Rising energy costs in the 1970’s led to an investment in recycling, and environmental legislation was introduced in 1986, then in 1991, which paved the way for the introduction of EU directives on waste reduction and excessive packaging.

Consumer electronics had been becoming increasingly popular since the 1920’s, electronics were not widely recycled until the 1990’s.

The first electronic waste recycling scheme began in Switzerland, and old fridges were collected and recycled. The scheme was expanded to include all electronics.

Many countries didn’t have the resources to deal with this type of waste, as it often contained hazardous substances. This is when the exporting of this waste to developing countries began. It is cheaper to recycle waste in poorer countries and they don’t have the amount of legislation around waste that more developed countries have.

A lot of electronic waste was sent to Asia, where valuable metals like nickel, iron, and copper could be extracted from the items and sold for scrap.

1970s Electronics

The situation today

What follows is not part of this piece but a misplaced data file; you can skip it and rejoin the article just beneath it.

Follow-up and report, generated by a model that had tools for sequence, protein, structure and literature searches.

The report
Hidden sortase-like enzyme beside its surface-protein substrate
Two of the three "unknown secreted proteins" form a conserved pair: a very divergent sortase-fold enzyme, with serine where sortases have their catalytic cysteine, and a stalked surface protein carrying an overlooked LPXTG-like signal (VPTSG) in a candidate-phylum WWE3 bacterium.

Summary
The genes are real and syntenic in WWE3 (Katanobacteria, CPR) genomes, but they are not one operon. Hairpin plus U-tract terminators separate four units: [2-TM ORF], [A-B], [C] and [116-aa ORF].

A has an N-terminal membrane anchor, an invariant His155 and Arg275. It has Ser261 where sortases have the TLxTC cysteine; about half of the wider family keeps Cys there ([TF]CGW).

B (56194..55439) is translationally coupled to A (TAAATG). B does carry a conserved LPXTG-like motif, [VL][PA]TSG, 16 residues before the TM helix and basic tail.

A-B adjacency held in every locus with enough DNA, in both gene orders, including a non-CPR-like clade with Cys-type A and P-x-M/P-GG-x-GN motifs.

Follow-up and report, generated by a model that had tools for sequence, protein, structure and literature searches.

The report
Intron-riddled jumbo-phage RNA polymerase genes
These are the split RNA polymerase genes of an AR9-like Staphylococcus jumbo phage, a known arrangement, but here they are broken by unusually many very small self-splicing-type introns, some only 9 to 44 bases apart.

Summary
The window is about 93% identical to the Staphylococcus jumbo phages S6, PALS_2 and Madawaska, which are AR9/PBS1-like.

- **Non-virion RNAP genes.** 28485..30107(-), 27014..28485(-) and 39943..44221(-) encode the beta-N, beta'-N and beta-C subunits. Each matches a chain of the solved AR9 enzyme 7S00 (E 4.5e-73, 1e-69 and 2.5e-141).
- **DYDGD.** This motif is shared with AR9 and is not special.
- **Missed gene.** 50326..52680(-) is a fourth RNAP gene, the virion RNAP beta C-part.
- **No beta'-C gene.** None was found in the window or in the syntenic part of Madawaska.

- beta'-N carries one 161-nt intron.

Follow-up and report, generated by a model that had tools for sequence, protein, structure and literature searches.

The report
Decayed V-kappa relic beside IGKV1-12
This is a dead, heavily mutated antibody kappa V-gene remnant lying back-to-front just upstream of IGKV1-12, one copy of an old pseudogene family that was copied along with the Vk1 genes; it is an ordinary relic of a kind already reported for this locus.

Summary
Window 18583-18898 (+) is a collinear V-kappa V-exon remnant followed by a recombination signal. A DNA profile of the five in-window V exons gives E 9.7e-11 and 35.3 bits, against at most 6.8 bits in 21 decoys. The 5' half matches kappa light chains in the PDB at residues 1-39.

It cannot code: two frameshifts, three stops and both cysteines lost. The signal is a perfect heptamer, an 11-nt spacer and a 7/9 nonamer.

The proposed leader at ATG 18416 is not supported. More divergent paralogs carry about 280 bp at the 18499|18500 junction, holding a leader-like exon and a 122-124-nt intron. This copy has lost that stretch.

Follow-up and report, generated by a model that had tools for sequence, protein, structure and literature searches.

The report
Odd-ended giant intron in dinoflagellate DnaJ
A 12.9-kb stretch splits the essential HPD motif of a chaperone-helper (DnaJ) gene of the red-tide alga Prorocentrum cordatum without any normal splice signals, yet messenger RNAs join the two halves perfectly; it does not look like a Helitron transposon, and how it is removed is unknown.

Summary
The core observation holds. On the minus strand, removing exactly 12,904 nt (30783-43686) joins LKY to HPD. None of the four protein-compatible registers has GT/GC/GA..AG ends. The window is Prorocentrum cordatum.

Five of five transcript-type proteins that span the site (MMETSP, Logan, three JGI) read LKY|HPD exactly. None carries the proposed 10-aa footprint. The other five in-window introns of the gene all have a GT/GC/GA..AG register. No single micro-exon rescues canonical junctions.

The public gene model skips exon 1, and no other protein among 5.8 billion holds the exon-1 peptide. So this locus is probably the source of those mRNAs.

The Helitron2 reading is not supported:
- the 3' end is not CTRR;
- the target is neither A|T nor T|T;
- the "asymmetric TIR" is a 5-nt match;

Recycling now takes place in all developed countries, from households to large corporations. Paper, glass, metal, plastics, electronics, and textiles are widely recycled, and recycling is incorporated into large events such as music festivals.

The recycling industry in Europe consists of around 60,000 companies employing half a million people. The Recycling rate in Europe currently ranges from 39% to 65%.

Future perspectives

As intense as campaigning in favour of recyclingis today, on the government’s part as well as that of a number of foundations and private organisations, it is not yet mandatory. However, that is expected to happen in the near future as the present young generations are being raised into the spirit of nature conservation. Needless to say, if developed into an obsession, that is a just cause for concern, as extremist attitudes are starting to emerge, calling for radical measures such as population control in order to avoid waste. In a likely succession, not recycling will first be perceived as socially reprehensible, then morally unacceptable, then illegal.